In the previous post in this series we set out the basic Python code required to simulate a single game of snakes and ladders. In order to analyse the game in more detail we will be required to simulate multiple random games so that we can look at certain properties, such as expected game lengths, the occupancy of squares, and the advantage to playing first. We tackle the latter of these in what follows.

The main change we make to our existing code is to wrap the initialisation of starting squares and the infinite loop in an outer `for`

loop. This will allow us to iterate as many times as we choose. Here we have selected 1,000,000 to keep run times to a reasonable level.

In addition to this we will also require two new variables to count the number of wins per player. Finally, note also that we have included a random seed for reproducibility.

The updated code is now:

```
import numpy as np
def snakes_and_ladders(x):
dict_sal = {21:3, 24:7, 35:9, 50:11, 53:15, 60:23,
75:44, 89:48, 93:25, 97:65, 99:58,
4:16, 12:33, 18:22, 26:37, 42:61,
49:51, 55:74, 82:98, 85:95, 88:92}
return dict_sal.get(x, x)
def roll_die(x):
x += np.random.randint(1, 7)
x = snakes_and_ladders(x)
return x
p1_wins = p2_wins = 0
np.random.seed(42)
NUM_GAMES = 1000000
for game in range(NUM_GAMES):
p1 = p2 = 0
while True:
p1 = roll_die(p1)
if p1 >= 100:
p1_wins += 1
break
p2 = roll_die(p2)
if p2 >= 100:
break
print p1_wins, p2_wins
```

The above code is available here.

Running this code yields a total of 505,845 wins for P1, and 494,155 wins for P2. To me this is quite an unexpected result, since the benefits of moving first are very marginal (50.6% versus 49.4%).

For comparison with a straight race to 100 we can simply comment out the line `x = snakes_and_ladders(x)`

. On doing so the win percentages shift to 55.3% versus 44.7% for Players 1 and 2 respectively. This shows that the inclusion of snakes and ladders in the game is a very effective equaliser against the first roll advantage.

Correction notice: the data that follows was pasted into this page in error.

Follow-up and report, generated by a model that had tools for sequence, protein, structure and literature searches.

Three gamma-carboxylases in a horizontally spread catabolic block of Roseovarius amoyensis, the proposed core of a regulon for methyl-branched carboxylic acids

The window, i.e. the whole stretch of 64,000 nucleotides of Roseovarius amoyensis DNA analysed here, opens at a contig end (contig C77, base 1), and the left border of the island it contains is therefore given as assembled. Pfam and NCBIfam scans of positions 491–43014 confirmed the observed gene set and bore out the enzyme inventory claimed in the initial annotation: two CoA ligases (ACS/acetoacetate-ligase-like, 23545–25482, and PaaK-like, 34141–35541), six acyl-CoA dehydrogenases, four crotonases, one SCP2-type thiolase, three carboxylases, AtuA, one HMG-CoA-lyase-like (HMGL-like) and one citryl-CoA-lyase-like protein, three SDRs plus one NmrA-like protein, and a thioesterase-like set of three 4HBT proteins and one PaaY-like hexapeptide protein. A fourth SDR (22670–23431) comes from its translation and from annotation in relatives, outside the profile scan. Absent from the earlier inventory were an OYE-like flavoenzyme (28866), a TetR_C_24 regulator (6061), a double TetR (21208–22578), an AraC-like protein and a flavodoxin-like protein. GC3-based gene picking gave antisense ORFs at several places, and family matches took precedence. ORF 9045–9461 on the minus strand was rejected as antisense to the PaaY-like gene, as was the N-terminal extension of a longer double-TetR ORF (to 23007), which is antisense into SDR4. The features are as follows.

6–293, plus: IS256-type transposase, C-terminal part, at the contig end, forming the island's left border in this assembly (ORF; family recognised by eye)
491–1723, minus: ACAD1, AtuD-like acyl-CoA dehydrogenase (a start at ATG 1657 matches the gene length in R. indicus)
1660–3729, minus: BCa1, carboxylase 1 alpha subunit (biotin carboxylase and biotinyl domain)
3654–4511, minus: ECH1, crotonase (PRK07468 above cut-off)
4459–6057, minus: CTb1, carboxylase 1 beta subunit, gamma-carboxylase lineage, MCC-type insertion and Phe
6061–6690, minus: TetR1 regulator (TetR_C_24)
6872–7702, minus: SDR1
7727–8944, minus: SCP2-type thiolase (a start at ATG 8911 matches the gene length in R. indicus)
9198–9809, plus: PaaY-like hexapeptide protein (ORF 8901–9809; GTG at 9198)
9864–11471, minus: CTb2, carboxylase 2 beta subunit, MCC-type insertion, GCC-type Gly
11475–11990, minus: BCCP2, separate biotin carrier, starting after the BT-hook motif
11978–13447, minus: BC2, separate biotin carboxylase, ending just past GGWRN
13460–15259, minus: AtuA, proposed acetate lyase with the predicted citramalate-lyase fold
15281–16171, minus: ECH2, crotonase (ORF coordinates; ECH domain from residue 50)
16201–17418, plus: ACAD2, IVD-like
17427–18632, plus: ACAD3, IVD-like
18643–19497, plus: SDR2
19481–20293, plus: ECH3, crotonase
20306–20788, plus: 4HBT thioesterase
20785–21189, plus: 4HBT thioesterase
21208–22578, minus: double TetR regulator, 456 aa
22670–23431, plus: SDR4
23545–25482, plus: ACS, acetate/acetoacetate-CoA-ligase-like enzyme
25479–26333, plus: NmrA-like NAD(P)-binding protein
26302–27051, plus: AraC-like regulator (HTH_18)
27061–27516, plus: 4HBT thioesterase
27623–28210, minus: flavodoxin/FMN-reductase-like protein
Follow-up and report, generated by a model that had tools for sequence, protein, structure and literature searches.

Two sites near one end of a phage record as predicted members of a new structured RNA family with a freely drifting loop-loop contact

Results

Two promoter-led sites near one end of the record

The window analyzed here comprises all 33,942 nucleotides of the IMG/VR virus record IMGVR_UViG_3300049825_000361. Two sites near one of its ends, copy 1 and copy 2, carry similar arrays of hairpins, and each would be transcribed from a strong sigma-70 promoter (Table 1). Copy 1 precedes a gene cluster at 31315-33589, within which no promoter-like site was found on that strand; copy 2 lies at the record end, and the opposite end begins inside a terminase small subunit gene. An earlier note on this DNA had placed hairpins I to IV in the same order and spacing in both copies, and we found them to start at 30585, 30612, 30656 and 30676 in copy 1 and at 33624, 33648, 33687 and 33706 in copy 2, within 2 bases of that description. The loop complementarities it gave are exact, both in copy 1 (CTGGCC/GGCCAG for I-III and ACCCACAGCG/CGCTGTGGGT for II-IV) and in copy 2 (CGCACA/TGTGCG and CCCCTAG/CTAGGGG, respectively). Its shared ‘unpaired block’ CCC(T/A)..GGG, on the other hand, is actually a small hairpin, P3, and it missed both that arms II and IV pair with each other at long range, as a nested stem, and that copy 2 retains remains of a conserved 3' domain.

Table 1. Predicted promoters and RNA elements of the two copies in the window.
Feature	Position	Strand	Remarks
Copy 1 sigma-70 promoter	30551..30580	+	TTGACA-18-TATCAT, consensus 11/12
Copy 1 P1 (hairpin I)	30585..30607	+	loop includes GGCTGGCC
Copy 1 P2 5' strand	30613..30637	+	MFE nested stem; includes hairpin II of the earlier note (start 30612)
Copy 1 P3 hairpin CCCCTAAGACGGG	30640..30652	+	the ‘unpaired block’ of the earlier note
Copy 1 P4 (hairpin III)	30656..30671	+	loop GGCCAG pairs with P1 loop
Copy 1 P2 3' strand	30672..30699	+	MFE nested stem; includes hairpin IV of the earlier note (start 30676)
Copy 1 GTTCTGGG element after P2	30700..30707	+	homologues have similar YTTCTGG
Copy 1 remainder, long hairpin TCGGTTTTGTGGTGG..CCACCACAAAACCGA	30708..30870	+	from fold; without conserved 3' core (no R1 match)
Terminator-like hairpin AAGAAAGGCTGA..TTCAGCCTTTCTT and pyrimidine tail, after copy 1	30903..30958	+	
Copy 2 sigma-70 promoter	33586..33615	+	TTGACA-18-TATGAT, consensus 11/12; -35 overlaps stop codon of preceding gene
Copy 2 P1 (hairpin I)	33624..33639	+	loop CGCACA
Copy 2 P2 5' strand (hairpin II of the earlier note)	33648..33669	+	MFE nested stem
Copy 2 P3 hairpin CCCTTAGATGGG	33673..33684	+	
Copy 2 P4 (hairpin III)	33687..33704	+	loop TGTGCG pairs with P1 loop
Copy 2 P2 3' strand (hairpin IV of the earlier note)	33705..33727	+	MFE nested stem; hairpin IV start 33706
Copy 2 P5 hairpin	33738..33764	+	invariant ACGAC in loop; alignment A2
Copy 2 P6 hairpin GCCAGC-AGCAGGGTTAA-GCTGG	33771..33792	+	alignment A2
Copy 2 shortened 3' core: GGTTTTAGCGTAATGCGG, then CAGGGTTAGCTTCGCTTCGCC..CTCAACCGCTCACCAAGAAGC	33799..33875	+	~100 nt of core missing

One interesting observation on this, made by a good friend of mine William Hanbury, is that the snakes and ladders board can theoretically be replicated by a straight race to *n*, for some specific value of *n*. To see this imagine that *n* is very small. Then in some cases (*n* <= 6) Player 1 will win before Player 2 has even had a chance to roll. Consequently, Player 1's win percentage will be very high (if *n* = 1 then P1 always wins, or using *n* = 5 for example gives percentages of 69.1% against 30.9%).

We already have that with *n* = 100 the percentages are 55.3% and 44.7%, whilst in the limit as *n* goes to infinity they will approach 50% each. Therefore at some point between 100 and infinity there exists an *n* such that the win rates match those above simulating the actual snakes and ladders game. What this number is remains an open question, but it is undoubtedly very large indeed.

In the final post in this series we produce some visual results, showing the distributions of game lengths and the frequency with which the various squares are landed on.